"Offense wins games, but defense wins championships." This saying speaks to the power of the defense to dictate a team's performance. Because soccer is such a low scoring sport, the defense plays a critical role. Let's learn about some of the key aspects of defense for a soccer team.
Let's review the field of play. There are three main zones that relate to the defense:
The defensive half is where the defense and their goaltender are stationed. The defense protects the goal within their defensive half. The defensive half is defined by the center line, the touch lines and the byline.
The defensive third is the section of the pitch in which the defense must be most alert to developing plays and shots on goal. The defense, upon winning the ball back, cannot afford to dribble and pass for too long in this area. The main objective is to clear the ball from the defensive third. There is no line drawn on the field to define the start of the attacking third relative to the center line; rather, it is an approximate definition.
The goal is protected by the goaltender and other defensive players. Good defenders are always aware of their positioning relative to the goal. On set pieces such as direct free kicks and corner kicks, one or two players will sometimes stand next to the near post or far post to add extra bodies on the goal line.
While all players on the team without the ball are working to regain possession and defending, there are certain players on the field whose main focus throughout the game is stopping the offense. The three main defensive positions are:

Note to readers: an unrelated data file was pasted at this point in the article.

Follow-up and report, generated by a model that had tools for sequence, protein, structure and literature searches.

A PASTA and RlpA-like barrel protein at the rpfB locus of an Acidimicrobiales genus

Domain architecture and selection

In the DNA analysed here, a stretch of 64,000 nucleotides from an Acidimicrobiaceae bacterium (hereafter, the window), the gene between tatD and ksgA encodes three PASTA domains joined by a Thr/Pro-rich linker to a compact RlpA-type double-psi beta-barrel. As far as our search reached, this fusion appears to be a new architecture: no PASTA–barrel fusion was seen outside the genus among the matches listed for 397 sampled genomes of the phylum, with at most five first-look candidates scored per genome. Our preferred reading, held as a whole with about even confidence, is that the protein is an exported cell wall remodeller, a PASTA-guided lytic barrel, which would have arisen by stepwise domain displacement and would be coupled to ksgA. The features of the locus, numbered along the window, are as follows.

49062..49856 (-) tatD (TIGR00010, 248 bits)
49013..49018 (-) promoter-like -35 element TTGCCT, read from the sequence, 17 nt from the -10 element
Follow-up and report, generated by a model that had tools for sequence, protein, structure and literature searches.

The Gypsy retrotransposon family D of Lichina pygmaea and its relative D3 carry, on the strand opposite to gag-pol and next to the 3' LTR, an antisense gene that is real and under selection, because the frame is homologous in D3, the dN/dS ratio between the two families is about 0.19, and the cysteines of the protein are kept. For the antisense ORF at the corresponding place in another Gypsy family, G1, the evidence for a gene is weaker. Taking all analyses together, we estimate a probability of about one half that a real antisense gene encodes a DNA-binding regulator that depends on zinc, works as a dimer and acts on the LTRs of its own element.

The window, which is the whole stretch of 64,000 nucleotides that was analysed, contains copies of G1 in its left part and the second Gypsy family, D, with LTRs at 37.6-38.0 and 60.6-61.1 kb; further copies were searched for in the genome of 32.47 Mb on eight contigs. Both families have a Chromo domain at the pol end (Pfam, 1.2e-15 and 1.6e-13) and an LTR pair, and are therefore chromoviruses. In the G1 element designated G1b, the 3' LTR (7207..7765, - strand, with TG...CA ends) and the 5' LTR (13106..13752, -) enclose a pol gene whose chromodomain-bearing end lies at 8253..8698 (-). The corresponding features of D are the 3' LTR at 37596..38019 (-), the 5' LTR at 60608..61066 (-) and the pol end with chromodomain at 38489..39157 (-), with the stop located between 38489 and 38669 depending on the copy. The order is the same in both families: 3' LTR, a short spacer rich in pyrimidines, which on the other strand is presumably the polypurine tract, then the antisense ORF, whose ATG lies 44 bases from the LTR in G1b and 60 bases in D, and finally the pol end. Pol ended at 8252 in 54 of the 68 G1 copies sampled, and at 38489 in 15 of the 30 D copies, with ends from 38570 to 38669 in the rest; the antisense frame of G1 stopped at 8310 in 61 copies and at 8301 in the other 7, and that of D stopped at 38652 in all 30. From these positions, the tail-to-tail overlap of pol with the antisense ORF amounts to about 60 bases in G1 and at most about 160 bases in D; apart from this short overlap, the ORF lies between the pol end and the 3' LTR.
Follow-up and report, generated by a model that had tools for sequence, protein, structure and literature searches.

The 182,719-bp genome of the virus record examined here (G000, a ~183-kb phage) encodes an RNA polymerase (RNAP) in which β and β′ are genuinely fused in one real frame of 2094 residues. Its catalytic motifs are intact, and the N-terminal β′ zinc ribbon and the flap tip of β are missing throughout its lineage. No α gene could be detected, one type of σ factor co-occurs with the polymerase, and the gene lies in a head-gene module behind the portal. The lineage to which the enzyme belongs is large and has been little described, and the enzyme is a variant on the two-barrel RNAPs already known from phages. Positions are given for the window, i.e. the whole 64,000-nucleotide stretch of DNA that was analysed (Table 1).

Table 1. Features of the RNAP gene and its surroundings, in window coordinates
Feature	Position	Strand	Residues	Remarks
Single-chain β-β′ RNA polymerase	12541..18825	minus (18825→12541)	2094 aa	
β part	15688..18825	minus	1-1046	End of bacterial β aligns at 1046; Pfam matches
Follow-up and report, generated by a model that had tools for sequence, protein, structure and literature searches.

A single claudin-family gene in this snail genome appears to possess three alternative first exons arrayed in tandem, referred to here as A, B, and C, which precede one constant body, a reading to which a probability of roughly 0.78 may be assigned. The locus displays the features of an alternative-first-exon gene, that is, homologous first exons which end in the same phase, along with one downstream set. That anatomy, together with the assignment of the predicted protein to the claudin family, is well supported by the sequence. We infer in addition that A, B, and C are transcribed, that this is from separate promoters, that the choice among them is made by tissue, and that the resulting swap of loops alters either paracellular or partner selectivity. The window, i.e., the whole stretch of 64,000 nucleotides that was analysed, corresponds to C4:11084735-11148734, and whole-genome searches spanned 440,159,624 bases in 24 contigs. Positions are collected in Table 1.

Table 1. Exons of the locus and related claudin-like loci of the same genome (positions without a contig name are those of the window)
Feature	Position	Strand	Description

- To prevent a goal by the other team
- To win possession of the ball for their team
- To maintain possession by sending accurate passes upfield and starting the development of a scoring opportunity
While on defense a team accomplishes these goals by marking offensive players or space and stealing the ball with interceptions, tackling or pressure that forces errors.
There are different styles of defense, including man marking and zone defense. In a man marking scenario, defenders stay close to individual attackers. In a zone defense formation, the defense plays space, rather than tight individual defense. In addition to different formations, defenses can also vary how aggressive or high they choose to press. Especially when holding a lead, defenders may tend to sit back and pack in players in their defensive third. On the other hand, some defenses like to play high, closer to the centerline, looking for offsides calls and offsides traps. As you are watching a match, see if you can notice these changes in defensive tempo.